Smoky came to see us this morning. He has been hanging around since just after Hurricane Katrina, but it took four-plus years to get him sufficiently domesticated to bring him to the clinic.
Georgia, his new owner, had been under the impression that “he” was a “she” and that he had never seen a doctor before. When we determined that Smoky had been neutered it was apparent that he had, indeed, been to a doctor, but there was no way to know what else had been done.
The stool test was negative, as was the FeLV test, but the FIV test was positive. Which leaves us sifting through the possible interpretations below and still not knowing everything we would like to know.
The FIV test is an antibody test, so it doesn’t check for the actual virus in the body, as the FeLV test does. Antibodies are proteins that the immune system produces in response to disease. For example, if you are bitten by a tick carrying Lyme Disease today, in a few weeks your blood will test positive for antibodies to the Lyme bacteria, Borrelia burgdorferi. So, when a cat is bitten by another cat and becomes infected with FIV, the immune system begins an always-futile attempt to rid the body of the virus and, in the process, creates antibodies. While a positive antibody test doesn’t actually demonstrate the presence of the virus in the body, elimination of infection is virtually unheard-of, so the correlation is, practically speaking, 100%.
A wrench gets thrown directly into the main gears of the works when we are presented with a cat of unknown vaccination history. Vaccination with the FIV vaccine converts a kitty to positive-test status, whether or not he is infected with the disease. In the case of a cat that stays in one’s practice, it’s easy to look at the medical record and know whether a cat has received the vaccine. In cases like Smoky’s, we have no way of knowing whether he has ever been vaccinated against FIV. Similarly, if a cat is vaccinated with the FIV vaccine, is bitten by an FIV-infected cat and the vaccine fails to protect him, his test result will still be positive, but we have no way to know that his infection status has changed. At this writing there is no test, at any price, that will differentiate vaccine antibodies from natural disease antibodies.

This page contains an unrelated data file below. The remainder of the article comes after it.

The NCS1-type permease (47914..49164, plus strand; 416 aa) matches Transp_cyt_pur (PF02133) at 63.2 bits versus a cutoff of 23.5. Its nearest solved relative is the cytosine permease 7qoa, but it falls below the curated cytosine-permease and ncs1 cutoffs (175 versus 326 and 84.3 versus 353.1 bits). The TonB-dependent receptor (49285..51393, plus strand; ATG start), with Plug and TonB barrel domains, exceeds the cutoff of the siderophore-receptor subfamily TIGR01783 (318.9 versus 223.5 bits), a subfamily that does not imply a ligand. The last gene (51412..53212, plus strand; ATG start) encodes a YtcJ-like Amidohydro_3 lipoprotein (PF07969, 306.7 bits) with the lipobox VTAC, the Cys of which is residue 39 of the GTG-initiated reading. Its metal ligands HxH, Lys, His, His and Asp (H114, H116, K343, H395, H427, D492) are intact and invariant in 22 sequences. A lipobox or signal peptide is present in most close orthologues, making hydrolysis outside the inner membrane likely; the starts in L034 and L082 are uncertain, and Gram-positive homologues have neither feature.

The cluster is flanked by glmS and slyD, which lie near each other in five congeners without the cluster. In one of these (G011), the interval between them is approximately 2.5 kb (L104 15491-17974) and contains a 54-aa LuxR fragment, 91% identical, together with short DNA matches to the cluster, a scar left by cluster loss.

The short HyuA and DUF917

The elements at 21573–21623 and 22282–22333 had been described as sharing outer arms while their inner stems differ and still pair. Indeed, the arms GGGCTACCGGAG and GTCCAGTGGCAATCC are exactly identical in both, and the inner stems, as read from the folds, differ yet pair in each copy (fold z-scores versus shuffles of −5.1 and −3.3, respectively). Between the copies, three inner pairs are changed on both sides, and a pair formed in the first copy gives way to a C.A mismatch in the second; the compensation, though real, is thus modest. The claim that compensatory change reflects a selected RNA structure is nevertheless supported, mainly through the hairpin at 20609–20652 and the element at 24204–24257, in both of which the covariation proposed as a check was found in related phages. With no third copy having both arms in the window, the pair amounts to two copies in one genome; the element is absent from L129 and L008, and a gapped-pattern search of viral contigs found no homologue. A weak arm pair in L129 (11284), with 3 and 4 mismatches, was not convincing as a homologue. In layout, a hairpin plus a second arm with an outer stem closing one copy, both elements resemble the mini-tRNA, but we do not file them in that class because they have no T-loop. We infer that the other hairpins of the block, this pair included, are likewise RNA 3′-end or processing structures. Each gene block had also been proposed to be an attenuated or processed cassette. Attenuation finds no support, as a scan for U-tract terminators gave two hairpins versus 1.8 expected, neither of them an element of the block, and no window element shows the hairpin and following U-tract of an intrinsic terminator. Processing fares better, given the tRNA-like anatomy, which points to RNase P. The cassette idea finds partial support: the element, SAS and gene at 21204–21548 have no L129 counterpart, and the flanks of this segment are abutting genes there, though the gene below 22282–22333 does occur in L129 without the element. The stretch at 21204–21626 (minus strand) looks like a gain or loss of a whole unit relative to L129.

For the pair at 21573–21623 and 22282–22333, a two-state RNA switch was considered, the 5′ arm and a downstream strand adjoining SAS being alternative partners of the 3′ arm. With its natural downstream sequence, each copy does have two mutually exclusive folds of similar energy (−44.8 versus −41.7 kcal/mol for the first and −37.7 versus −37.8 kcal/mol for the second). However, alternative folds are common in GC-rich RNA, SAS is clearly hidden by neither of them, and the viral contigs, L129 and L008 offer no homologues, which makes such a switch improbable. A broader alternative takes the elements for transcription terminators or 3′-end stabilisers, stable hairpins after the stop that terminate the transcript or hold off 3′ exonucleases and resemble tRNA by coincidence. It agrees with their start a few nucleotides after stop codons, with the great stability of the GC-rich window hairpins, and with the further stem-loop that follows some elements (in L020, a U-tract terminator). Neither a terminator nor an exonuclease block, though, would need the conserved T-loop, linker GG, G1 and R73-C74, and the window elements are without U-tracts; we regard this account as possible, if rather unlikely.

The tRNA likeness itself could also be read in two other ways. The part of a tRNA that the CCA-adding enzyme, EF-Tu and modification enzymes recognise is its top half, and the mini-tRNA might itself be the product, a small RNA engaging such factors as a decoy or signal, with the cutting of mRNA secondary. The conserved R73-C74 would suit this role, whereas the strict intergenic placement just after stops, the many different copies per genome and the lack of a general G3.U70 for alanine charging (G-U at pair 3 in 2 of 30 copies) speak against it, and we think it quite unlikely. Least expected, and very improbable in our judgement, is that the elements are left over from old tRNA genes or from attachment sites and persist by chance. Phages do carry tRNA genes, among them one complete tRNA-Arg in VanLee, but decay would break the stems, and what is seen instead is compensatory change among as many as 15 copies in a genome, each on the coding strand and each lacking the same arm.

What does the future hold for Smoky? We have no way of determining that, either.
If his test is positive from a previous vaccination and he is free of Feline Immunodeficiency Virus, he should live as long as any other cat.
During the 4½ years that Georgia has been feeding Smoky he has not grown, indicating he was already an adult then. However, he has gained weight and thrived, so we know he hasn’t been clinically ill prior to today. Which leaves us asking, “If vaccine did not turn Smoky’s test positive, was he infected this month, last month, last year, two, or even three years ago?” We know that cats will eventually exhibit evidence of a damaged immune system, developing infections, cancers, and/or other maladies the immune system should protect them from. Not knowing when Smoky was infected leaves us also not knowing when he may begin to fail.
We are taking the approach that Smoky is infected. That is predicated on the results of a mandatory followup test in two months. We never fully interpret a positive FeLV or FIV test based on a single positive or negative. It also means we will be monitoring Smoky for signs of illness more closely than we would other six-year-old cats. Perhaps most importantly, by treating Smoky as an infected FIV-positive cat, we are making him a totally-indoor cat, doing our best to reduce the risk of transmitting FIV to other cats in the neighborhood.
We hope this helps you to better interpret FIV test results in your own kitty.
NOTE: There are many parameters to consider in the interpretation of the FIV test, so don’t be intimidated. If you have to read the post multiple times, that’s completely understandable.
See you Monday, Dr. Randolph.